• The most important step you can take is to seek help from a therapist. If you feel like you don't have control over your emotions, a therapist can help you with techniques such as cognitive behavioral therapy, and they can teach you why you feel this way and how to prevent it.
  • Look for triggers. What happens whenever you're feeling emotional? Do you know if there's any way that you can stop it? If so, what should you do? Write down your triggers and try to avoid them. If you can't, try to find ways to calm yourself down should you have to face your triggers.
  • Learn breathing techniques to calm you down, and practice mindfulness. Figure out ways you can discard any overly emotional or self-defeating thoughts.
  • Express how you feel, but do so in a calm, collected manner. Sometimes, you may need to leave the room a bit to collect your thoughts and make sure that you're cool.

Depression is a real problem, but learning to understand and get help for it is very important. If you're feeling sad a lot, you should seek help.

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Sadness: When to Pay Attention

Everyone gets sad, but how often is too often? Maybe you're having challenges in your family life. Perhaps your partner isn't fulfilling your needs and you're splitting up, or maybe someone passed away in your family. These are legitimate reasons to feel sad. However, it's important to recognize how often you're experiencing sadness.

Do you find that you're sad most of the time? That might be something that needs attention. Sadness is a common emotion some people feel as often as once per day depending on what's happening in their lives. We may hear or read a tragic news story and feel sadness for the family involved. We might hear devastating news such as the death of a friend, extended family member. These are events that evoke the feeling of sadness within us. The loss of a loved one is something that makes us sad.

If you are an empathetic person, you may feel sadness more often than other people because you are sensitive and open. In your family life, do you take on other people's emotions? If you're an empath that makes sense. You feel other people's feelings, and those individuals could be in pain, so you take on their sadness like your own, and that's how you are their support system. Regardless of being empathetic or not, there are ways in which sadness can be problematic in our lives. That's why speaking to a mental health professional can help you. You don't have to experience these sad feelings alone. When you're having a difficult time, you have the right to get help. And that's where a professional counselor can be of service to you.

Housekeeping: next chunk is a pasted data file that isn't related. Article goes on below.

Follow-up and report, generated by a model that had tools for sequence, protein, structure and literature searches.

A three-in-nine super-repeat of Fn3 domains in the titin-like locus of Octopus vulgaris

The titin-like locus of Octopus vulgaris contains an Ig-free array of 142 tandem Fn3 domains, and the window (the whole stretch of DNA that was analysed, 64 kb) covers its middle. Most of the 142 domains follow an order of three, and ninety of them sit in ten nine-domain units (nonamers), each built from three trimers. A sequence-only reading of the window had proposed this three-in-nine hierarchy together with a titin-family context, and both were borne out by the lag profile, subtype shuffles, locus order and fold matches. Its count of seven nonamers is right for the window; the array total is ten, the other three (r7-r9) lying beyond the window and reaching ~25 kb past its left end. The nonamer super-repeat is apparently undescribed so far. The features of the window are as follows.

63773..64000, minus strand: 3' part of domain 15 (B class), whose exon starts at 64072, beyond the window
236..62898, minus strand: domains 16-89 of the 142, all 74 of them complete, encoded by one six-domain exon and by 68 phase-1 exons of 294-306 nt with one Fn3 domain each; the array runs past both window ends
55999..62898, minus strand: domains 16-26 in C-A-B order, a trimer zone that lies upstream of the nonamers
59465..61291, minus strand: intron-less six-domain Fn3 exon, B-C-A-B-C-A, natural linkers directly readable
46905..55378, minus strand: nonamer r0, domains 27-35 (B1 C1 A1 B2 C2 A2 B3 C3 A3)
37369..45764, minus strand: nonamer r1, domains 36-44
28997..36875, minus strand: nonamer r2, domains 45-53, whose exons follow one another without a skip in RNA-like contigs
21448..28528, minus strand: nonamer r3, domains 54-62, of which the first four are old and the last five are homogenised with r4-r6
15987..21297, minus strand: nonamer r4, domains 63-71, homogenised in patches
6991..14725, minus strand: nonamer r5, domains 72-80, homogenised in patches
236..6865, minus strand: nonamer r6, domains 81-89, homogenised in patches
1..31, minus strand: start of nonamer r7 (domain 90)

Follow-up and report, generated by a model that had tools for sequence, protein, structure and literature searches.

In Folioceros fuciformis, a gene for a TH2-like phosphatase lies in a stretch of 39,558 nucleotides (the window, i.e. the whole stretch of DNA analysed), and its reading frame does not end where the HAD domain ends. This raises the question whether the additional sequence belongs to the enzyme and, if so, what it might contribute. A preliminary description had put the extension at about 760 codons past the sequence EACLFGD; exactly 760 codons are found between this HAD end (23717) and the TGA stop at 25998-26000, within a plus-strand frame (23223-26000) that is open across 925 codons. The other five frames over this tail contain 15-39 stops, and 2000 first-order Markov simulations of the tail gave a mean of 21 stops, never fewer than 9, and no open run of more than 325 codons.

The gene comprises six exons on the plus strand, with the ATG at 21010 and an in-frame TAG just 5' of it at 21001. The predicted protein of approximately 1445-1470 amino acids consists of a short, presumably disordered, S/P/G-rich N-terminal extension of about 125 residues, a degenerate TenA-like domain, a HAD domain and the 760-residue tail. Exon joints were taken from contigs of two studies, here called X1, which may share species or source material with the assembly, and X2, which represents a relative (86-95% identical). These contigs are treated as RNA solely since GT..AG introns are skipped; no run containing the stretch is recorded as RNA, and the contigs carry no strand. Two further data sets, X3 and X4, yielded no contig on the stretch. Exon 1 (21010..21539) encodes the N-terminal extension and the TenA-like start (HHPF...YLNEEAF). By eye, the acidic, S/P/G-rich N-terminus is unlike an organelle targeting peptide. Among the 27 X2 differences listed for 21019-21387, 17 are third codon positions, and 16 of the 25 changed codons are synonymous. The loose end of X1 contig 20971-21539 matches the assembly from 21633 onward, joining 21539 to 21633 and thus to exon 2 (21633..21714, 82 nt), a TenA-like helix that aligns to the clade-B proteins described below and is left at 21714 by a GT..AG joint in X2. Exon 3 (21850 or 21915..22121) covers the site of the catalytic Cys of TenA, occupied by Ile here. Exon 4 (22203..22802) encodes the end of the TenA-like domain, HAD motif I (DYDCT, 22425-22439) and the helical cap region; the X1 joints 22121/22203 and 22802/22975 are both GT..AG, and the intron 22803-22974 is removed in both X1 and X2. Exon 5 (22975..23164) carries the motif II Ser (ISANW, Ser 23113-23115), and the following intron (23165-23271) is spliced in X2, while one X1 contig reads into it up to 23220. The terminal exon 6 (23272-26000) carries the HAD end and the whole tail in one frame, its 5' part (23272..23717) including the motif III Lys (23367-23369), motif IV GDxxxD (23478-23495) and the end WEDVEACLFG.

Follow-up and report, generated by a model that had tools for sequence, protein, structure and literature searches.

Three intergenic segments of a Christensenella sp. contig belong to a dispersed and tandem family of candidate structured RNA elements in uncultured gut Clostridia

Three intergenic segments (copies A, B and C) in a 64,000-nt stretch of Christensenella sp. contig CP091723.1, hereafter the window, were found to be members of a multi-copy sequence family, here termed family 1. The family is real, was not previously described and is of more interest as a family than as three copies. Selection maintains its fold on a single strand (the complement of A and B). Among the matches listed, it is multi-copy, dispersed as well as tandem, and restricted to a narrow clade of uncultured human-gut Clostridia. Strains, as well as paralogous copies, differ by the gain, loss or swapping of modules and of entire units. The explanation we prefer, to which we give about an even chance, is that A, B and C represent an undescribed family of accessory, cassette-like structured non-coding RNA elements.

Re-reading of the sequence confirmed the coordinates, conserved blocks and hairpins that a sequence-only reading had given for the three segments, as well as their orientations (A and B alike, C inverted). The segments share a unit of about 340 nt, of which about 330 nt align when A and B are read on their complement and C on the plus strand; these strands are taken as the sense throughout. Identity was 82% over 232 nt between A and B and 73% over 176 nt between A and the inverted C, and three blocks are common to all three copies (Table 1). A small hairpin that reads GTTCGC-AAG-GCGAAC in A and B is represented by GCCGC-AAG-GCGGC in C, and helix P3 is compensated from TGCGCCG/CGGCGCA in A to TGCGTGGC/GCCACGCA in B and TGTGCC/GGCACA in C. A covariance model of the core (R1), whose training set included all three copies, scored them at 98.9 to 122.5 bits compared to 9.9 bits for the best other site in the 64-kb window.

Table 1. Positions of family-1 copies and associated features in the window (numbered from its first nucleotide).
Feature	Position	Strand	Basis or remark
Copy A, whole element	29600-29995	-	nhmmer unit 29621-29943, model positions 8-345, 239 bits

Mental Illness And Sadness

Living with mental illness isn't easy. It's hard, it feels sad and daunting, and it can be difficult to find the right support system including therapists or psychiatrists. It's not just people living with bipolar disorder, schizophrenia or anxiety who are challenged by mental illness. It's also those who care for people with mental health issues. Mental illness affects one in five people according to NAMI, and the chances are if you don't have it you know someone who does. There are many types of mood disorders, personality disorders, and other conditions that impact a person's life. Mental illness doesn't discriminate by race, age, class or religion. Anyone can have a mental health condition. National mental health studies show that many people live with mental illness.

And remember that mental illness is a medical condition, something that needs to be diagnosed and treated by doctors. It's a legitimate condition despite what some snake oil salesmen might say. As a part of living with mental illness, you may experience days where you feel sad for seemingly no reason. It might be related to something going on in your life or it could have to do directly with your mental illness.

You find yourself saying "I am sad" and not understanding the reasons. You might call a friend and vent. You may get outside and go for a run trying to alleviate your feelings, but you still find yourself thinking "I am sad," repeatedly with no relief in sight. There are times it's hard to tell. There are things that can help with sadness, especially if you live in a place that has gray weather in the winter months. Light therapy can be extremely helpful in treating seasonal depression. You might wake up and it's bad weather outside and you think "I am sad." Here's an instance where light therapy can help liven up your mood.

Substance abuse and mental health often go hand-in-hand when someone is experiencing feelings of extreme depression or loss. Don't be afraid to seek out support by reaching out to a trusted friend, family member, or crisis line for help. Many issues related to substance abuse and mental health can be mitigated with proper treatment and therapy.

Feeling Sad When You Wake Up